OOM’s problem is that he refuses to see that same-sex couplings are unnatural and can never constitute a natural marriage (and therefore a sacramental marriage), the decrees of the State notwithstanding. The secular vs. sacred distinction leapfrogs this understanding and allows him to argue that the legal codification of same-sex marriage does in fact constitute a marriage. It doesn’t.
OOM won’t accept this so his argumentation rises no higher than endless complaints that the Church won’t accept it either. I don’t understand why he doesn’t join up with the Episcopalians. He would feel right at home there. They believe everything that he argues the Orthodox should believe.
» Posted By Fr. Hans Jacobse On November 25, 2015 @ 2:55 pm
Met. Joseph trusts his priests but clear directives are always useful. In fact, the directive makes it easier for the priest because the responsibility of saying no is shared by his bishop. You seem to be trying to find fault where there is none.
» Posted By Fr. Hans Jacobse On November 25, 2015 @ 2:41 pm
“Why, pray tell, would he find it necessary to tell priests to not attend a secular gay wedding?”
Simple. Because he knows it would give the homosexual ceremony the imprimatur of an authentic marriage.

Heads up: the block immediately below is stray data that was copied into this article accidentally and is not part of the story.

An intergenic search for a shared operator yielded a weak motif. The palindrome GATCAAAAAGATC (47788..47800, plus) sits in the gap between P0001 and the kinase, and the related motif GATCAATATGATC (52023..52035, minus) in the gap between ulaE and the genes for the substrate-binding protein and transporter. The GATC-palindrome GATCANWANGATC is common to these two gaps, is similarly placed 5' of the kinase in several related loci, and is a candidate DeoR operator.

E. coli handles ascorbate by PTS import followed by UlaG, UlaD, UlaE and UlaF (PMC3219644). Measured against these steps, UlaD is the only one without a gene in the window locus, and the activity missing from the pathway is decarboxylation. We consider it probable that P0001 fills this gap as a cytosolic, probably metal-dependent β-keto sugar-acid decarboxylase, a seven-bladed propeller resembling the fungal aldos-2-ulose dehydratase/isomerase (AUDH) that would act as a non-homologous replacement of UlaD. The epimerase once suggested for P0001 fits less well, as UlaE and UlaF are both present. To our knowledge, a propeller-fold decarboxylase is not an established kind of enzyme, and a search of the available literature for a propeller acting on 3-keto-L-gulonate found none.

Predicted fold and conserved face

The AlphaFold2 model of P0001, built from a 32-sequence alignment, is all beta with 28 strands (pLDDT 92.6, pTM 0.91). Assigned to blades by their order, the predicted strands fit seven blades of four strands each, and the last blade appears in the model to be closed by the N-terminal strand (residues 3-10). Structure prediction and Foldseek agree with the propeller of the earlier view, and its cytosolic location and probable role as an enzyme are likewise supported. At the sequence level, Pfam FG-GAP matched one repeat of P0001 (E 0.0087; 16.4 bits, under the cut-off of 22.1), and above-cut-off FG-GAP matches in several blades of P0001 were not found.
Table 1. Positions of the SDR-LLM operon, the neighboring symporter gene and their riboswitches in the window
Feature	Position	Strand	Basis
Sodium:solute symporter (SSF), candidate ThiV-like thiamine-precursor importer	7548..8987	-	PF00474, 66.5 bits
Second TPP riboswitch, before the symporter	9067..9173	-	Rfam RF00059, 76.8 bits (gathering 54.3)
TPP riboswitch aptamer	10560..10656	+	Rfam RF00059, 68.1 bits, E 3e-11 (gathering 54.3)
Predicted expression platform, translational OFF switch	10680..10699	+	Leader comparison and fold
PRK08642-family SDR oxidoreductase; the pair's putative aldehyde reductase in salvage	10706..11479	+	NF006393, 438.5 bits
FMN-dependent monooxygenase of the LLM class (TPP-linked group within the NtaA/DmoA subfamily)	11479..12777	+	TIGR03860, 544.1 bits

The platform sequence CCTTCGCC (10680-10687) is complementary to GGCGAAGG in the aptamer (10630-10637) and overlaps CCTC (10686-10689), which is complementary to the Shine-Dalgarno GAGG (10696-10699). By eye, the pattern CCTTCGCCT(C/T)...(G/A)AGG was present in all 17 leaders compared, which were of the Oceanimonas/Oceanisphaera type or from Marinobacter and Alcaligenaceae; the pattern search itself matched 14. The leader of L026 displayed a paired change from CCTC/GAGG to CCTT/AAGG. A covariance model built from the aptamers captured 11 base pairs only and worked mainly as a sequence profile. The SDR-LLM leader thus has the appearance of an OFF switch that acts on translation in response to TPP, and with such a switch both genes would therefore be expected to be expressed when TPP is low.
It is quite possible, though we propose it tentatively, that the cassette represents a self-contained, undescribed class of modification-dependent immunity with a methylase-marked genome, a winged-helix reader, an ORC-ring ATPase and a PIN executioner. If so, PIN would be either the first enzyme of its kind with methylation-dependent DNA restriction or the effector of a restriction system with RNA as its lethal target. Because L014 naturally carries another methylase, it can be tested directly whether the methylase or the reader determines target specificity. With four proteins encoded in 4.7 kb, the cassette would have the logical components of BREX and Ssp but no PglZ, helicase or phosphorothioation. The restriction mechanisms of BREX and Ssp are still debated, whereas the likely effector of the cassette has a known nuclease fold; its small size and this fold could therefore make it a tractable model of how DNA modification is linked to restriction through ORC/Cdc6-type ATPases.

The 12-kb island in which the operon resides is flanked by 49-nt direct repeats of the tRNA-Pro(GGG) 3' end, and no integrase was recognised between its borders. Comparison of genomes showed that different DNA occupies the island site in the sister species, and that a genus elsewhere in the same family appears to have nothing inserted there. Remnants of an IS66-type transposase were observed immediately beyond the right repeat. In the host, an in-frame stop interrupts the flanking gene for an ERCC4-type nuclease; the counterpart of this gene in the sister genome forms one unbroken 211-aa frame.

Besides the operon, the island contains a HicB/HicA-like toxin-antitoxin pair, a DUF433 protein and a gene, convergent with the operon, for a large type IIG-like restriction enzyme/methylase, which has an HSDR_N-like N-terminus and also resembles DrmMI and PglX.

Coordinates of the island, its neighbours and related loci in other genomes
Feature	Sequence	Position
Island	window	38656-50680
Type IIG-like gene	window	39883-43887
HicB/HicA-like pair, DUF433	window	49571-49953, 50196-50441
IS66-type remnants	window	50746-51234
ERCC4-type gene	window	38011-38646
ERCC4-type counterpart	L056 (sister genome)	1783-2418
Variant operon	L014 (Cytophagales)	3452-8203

You assert over and over again that the priest’s attendance at the ceremony is a matter of moral indifference. Yet the volume of words you’ve expended opposing Met. Joseph shows the opposite is true.
Met. Joseph sees this even if you don’t, thus the instructions to his priests.
» Posted By Fr. Hans Jacobse On November 24, 2015 @ 3:00 pm
I was waiting for someone to throw in some moral outrage to obfuscate the point.
No, affirming the natural created order of God is not worry “about the anal or oral stimulation of the inappropriate sexes.” That’s a diversion.
This is about clear distinctions and clear understanding. No responsible leader in the Church would take umbrage at what I wrote as you have.
Met. Joseph certainly did not and I am grateful to have a leader who does not bow to the winds of fashion, display faux outrage, or submit to the pressures of political correctness.
His words are clear and true. So are mine. Your scoldings don’t diminish them.
» Posted By Fr. Hans Jacobse On November 5, 2015 @ 4:15 pm